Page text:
Here are 5 major and 5 minor scale patterns. Knowing all of these scales will allow you to play any major or minor scale in any region of the fretboard. This is advantageous because you can shift between scales, moving up and down the fretboard which can give you more options when soloing, and add a better flow to your playing. It is also nice to know the different patterns when you are creating licks because you will find that it is naturally easier to play different runs or combinations of notes depending on which scale pattern you are using.
Fortunately, although there are 5 patterns for both the major and minor you will only have to memorize a total of 5 scale patterns. This is because each major scale has a relative minor scale which uses the same notes. Therefore, by adjusting your root note each of these scales patterns can be played as either a major or minor scale.
Below are the 5 scale patterns. Note that for each pattern the major roots are green and the minor roots are circled in red.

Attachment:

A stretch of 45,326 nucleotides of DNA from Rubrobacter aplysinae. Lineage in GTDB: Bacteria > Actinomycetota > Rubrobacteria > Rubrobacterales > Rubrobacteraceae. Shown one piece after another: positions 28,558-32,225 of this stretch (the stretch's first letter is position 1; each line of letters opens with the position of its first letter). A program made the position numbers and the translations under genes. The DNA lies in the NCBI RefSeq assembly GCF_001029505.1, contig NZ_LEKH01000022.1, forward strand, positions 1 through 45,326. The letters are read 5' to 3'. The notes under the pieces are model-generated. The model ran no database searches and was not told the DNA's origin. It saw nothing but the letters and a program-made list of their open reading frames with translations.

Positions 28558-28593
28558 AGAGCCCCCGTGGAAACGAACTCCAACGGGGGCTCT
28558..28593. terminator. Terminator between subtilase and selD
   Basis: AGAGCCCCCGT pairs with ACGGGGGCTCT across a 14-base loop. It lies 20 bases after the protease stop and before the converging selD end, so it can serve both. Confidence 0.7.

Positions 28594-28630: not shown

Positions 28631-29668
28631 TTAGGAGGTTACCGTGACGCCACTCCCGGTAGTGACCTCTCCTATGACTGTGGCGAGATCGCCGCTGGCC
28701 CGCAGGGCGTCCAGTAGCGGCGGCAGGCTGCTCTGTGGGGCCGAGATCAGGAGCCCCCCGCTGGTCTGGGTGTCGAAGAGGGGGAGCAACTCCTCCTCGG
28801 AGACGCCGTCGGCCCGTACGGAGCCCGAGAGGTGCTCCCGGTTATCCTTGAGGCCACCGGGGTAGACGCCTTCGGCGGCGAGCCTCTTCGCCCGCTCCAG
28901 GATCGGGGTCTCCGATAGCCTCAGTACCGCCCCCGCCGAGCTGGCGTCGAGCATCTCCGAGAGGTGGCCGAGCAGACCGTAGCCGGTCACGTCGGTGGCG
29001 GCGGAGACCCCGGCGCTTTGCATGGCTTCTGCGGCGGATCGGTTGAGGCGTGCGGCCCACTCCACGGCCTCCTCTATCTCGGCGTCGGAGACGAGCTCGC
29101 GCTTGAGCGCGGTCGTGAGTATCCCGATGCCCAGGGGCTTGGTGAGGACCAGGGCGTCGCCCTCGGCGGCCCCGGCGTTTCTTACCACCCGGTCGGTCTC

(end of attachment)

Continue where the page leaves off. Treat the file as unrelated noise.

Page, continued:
- Patterns with major roots on the 6th / low-E string:
- Patterns with major roots on the 5th / A string
- Pattern with major root on the 4th / D string
- In order to find your roots you will have to know the notes on the fretboard
- When learning these scale patterns don’t just learn them individually, but also try to look at how they relate to each other. This will allow you to shift between the different scales and play solos using the entire fretboard. This will open up many new options in your soloing.
- Like when you learn any scale, you should learn these scales well enough so that you can mix up the notes and use them to create new ideas in your playing. The idea here is that you want to actually be able to use the scales and not just be able to play them up and down.
- Scales are also great exercise tools. Play them up and down, in sequences, etc. using a metronome to practice timing, technique, and to build speed.